Effectiveness of Prompts in Developing the Skill of Answering Questions in Children with Autism Spectrum Disorder



Intraverbal operant (i.e. intraverbal behavior) in B.F. Skinner’s concept is a class of verbal reactions that includes understanding what is read, holding conversations and answering questions, and also thoughts and memories. Intraverbals are the foundation for learning simple communications, developing academic skills and acquiring professional ones. Many persons with autism spectrum disorder experience considerable difficulties with intraverbal behavior, and there still is no technique that could teach them how to use it fully and functionally. This research on the effectiveness of various types of prompts in educational trainings was aimed at optimizing teaching intraverbal behavior to children with ASD. The study analyzed how children develop the skill of answering questions in the context of textual and echoic prompts. The experiment with two subjects, children of different sexes aged 8 and 17 years diagnosed with ASD, revealed that textual prompts were more effective. The difference in the effectiveness between textual and echoic prompts proved to be more significant for questions with several or many correct answers than in the case with simple questions having only one correct answer.

General Information

Keywords: autism, ASD, intraverbal behavior, textual prompts, echoic prompts

Journal rubric: Clinical and Special Psychology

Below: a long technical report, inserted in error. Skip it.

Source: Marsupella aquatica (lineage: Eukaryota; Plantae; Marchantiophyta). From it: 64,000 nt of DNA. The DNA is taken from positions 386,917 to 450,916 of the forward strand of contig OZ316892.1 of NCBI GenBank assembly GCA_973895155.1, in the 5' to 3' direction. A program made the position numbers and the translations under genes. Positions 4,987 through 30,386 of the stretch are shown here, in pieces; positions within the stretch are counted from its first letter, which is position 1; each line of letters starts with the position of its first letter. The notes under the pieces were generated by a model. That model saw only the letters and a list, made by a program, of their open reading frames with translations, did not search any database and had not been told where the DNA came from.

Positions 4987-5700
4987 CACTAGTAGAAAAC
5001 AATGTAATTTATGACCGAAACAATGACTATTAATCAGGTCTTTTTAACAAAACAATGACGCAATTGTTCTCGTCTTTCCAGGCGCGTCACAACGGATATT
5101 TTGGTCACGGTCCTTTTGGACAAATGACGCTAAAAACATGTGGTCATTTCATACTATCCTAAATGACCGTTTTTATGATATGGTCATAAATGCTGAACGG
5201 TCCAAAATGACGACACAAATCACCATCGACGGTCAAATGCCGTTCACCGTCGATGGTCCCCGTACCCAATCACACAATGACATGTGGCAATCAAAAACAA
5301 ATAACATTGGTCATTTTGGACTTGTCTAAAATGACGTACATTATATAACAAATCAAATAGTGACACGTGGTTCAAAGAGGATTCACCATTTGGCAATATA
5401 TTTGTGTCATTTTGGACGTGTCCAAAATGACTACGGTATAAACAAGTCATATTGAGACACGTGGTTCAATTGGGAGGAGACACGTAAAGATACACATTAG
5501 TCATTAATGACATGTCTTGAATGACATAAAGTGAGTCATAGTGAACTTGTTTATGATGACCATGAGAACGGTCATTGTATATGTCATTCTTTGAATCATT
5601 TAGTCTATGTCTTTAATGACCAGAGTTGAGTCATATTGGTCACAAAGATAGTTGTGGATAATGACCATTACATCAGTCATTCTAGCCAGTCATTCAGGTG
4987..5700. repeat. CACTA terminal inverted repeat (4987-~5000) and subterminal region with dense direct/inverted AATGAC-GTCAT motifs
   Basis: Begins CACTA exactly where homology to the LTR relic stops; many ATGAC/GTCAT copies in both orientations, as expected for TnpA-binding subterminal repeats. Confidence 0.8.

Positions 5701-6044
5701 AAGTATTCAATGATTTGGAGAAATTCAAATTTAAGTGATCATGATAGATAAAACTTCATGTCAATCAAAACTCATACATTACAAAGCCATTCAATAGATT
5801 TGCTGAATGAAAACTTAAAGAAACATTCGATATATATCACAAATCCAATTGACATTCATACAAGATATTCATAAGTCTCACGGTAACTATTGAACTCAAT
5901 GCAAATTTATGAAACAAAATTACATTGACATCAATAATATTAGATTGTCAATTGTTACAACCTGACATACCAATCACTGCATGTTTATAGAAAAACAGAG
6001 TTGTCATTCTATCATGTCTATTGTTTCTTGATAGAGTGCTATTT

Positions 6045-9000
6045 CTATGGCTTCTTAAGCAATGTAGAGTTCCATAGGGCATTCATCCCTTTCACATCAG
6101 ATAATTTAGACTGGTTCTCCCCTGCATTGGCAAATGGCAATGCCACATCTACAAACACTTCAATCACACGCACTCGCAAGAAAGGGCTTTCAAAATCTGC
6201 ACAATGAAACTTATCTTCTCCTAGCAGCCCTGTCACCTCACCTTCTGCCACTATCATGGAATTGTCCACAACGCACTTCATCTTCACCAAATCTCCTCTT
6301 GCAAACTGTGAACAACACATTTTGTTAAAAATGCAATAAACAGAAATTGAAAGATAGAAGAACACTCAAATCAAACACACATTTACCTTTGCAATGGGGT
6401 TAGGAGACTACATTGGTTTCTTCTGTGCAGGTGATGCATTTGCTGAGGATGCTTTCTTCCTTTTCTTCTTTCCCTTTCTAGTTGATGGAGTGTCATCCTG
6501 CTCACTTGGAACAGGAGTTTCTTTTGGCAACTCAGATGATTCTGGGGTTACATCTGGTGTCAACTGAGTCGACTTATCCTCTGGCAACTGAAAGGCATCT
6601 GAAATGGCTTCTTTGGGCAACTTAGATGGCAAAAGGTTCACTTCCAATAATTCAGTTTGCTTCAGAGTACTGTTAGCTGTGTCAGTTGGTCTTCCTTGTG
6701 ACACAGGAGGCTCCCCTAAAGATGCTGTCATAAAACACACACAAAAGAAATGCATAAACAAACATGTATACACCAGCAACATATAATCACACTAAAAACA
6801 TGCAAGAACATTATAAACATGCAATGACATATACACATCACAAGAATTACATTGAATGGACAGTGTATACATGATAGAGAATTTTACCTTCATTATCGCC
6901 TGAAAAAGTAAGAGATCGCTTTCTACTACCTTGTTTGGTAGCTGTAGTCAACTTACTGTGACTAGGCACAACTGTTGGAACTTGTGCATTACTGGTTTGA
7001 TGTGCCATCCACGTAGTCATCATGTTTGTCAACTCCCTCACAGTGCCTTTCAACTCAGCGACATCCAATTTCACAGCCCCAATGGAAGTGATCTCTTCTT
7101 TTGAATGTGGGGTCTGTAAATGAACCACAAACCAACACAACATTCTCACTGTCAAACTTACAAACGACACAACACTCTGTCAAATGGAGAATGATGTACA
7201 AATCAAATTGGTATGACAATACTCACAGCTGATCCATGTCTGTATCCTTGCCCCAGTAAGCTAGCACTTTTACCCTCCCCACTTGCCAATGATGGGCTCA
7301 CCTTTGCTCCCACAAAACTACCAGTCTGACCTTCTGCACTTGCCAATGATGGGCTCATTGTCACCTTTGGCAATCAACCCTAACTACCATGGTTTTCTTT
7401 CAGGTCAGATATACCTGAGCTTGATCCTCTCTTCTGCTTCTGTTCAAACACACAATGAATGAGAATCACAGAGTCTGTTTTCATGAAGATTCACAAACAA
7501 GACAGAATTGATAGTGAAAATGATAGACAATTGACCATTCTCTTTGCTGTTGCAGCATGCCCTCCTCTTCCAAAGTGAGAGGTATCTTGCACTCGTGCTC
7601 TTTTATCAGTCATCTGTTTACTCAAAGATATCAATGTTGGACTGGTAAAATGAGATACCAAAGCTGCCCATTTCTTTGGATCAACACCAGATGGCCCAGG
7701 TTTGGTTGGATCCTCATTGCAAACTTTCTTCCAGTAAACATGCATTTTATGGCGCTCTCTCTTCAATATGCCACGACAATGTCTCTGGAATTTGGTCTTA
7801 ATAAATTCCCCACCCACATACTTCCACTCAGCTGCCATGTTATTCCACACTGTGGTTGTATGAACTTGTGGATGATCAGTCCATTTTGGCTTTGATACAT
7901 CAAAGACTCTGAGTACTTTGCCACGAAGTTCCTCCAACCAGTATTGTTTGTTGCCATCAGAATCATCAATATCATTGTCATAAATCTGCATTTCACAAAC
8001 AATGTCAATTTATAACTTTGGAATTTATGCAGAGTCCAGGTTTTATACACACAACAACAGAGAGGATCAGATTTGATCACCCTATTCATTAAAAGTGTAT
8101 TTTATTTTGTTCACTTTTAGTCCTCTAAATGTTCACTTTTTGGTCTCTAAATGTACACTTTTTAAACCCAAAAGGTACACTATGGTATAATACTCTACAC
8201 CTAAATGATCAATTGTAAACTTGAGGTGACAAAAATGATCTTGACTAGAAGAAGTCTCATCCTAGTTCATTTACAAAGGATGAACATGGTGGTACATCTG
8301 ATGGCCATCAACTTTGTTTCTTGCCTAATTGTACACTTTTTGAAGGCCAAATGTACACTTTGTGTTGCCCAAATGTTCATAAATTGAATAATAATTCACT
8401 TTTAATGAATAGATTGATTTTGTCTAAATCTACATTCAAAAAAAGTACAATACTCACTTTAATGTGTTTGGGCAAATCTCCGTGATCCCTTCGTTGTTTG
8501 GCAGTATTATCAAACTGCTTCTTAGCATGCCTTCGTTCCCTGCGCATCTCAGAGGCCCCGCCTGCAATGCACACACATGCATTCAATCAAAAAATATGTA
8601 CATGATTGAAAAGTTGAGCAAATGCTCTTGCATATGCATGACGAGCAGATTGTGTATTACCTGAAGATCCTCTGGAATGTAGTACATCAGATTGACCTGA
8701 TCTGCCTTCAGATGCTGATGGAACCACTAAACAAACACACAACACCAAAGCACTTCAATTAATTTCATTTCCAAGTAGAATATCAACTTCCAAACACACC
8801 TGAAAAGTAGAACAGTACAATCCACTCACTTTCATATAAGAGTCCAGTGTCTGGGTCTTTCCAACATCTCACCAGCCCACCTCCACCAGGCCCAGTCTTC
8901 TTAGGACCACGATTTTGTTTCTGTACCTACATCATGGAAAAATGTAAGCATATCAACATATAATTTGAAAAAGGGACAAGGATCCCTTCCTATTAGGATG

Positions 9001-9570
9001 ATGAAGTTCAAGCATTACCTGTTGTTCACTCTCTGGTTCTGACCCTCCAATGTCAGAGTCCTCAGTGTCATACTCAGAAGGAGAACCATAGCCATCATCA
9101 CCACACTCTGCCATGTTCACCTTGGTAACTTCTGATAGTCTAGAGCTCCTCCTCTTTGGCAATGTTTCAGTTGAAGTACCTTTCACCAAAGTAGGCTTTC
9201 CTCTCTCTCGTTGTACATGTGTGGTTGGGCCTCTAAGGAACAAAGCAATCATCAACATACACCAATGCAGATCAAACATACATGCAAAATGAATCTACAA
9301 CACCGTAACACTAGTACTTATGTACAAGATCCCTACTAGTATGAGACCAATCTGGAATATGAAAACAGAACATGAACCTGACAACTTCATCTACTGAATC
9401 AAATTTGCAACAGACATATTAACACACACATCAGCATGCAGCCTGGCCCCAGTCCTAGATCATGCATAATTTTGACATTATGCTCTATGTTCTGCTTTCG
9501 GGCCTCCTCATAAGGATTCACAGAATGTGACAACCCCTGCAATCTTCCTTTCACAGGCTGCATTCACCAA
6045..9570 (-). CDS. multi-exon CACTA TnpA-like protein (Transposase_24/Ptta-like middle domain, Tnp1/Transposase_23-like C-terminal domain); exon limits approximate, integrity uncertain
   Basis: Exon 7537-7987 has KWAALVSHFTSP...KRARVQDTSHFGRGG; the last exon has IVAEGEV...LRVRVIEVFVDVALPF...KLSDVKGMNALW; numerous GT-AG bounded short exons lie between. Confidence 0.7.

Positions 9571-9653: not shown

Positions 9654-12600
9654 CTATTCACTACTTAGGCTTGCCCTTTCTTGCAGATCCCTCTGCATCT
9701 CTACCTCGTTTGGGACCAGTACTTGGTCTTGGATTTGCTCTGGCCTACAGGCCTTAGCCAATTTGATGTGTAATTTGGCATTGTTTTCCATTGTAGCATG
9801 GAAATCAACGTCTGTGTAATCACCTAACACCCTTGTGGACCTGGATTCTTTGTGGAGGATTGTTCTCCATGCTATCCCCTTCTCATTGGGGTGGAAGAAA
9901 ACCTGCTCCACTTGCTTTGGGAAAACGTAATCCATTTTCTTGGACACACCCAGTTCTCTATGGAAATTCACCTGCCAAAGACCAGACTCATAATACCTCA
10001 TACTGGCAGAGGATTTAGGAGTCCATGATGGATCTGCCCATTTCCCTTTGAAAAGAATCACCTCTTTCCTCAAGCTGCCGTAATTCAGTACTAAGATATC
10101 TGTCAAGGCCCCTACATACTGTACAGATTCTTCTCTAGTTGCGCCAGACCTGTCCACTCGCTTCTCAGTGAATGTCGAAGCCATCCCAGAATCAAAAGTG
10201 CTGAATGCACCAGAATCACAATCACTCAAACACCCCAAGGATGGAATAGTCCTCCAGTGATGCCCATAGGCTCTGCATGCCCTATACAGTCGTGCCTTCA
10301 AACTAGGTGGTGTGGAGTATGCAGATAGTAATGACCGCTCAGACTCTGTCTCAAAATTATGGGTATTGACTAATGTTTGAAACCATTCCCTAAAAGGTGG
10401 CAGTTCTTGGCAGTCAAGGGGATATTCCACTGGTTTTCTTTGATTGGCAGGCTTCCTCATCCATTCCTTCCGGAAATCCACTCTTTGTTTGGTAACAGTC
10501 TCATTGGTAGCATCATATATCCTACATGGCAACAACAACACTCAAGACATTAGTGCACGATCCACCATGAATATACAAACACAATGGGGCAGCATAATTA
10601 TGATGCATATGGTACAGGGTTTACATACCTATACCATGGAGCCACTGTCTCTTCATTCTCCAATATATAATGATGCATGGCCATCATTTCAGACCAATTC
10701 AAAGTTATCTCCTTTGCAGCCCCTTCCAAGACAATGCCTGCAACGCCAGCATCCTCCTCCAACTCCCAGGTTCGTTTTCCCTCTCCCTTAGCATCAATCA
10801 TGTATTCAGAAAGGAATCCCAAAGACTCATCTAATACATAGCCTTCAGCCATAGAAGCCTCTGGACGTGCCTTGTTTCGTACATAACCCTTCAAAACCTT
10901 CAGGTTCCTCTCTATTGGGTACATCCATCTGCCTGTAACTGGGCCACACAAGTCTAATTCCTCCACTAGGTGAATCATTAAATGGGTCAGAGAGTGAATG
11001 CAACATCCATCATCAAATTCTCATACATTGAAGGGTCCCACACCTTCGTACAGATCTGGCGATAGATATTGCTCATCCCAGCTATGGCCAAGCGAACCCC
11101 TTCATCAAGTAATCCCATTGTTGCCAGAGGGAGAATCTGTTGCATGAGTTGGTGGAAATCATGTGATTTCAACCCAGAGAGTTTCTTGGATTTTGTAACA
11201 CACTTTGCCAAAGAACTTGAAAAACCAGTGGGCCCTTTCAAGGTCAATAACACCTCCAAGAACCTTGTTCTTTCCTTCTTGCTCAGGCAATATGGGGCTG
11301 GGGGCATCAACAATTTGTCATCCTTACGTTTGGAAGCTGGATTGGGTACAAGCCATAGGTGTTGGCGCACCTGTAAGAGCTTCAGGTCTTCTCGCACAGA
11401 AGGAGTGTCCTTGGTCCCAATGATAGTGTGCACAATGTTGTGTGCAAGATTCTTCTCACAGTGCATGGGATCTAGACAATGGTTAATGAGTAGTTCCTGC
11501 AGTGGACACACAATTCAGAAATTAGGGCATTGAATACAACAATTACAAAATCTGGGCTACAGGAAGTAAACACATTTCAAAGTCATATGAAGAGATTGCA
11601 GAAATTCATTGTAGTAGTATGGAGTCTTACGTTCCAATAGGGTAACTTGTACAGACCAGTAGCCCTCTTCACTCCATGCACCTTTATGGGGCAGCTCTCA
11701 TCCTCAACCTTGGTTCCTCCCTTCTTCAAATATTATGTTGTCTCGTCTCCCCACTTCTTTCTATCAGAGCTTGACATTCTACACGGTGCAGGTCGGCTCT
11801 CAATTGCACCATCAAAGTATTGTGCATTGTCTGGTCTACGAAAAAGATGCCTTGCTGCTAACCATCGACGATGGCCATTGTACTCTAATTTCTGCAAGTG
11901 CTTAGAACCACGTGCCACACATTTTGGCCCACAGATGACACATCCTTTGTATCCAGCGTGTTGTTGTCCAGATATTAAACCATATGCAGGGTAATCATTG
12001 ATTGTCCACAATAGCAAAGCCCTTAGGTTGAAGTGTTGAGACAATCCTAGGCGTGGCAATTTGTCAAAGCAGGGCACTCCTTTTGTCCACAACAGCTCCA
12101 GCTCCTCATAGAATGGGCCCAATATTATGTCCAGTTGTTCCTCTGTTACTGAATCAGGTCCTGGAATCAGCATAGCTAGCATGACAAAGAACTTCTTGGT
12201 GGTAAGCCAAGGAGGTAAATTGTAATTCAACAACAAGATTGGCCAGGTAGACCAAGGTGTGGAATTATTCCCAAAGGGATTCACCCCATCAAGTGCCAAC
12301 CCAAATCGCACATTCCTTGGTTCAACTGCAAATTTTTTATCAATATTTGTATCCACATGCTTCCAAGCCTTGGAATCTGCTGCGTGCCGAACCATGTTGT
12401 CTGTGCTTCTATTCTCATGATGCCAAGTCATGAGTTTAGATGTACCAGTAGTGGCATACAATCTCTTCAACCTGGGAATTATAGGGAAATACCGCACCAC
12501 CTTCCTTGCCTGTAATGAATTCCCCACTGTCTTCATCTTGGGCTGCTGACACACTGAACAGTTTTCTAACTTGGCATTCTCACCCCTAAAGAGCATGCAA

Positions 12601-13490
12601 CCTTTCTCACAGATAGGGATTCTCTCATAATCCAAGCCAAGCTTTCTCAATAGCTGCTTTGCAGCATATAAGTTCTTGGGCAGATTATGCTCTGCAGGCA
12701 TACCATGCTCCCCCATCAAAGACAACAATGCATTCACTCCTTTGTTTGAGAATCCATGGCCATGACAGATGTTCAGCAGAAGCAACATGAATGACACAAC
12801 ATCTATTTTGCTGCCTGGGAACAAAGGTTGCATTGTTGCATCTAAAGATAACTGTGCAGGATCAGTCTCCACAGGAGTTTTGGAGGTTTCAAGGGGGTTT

Article type: scientific article

DOI: https://doi.org/10.17759/pse.2016210310

For citation: Pervushina O.N., Trubitsyna A.N., Kondratyeva N.G., Pliskovskaya E.N. Effectiveness of Prompts in Developing the Skill of Answering Questions in Children with Autism Spectrum Disorder . Psikhologicheskaya nauka i obrazovanie = Psychological Science and Education, 2016. Vol. 21, no. 3, pp. 85–96. DOI: 10.17759/pse.2016210310. (In Russ., аbstr. in Engl.)


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Information About the Authors

Olga N. Pervushina, PhD in Psychology, associate professor, head of the Chair of Personality Psychology, dean of the Faculty of Psychology, Director, center for applied analysis behaviors, Novosibirsk, Russia, e-mail: olgap7@yandex.ru

Anna N. Trubitsyna, Researcher of the Center for Behavior Analysis, Institute of Psychology and Medicine, Novosibirsk State University, Novosibirsk, Russia, ORCID: https://orcid.org/0000-0002-3702-4693, e-mail: atrubicyna@ngs.ru

Nadeghda G. Kondratyeva, Assistant of the Department of psychology of personality, faculty of psychology, employee, Interdisciplinary Center for applied behavior analysis, Novosibirsk, Russia, e-mail: n.kondratyeva@nsu.ru

Eugenia N. Pliskovskaya, psychologist, Department of personality psychology, faculty of psychology, employee, Interdisciplinary Center for applied behavior analysis, Russia, e-mail: evgeniya-kalikina@yandex.ru



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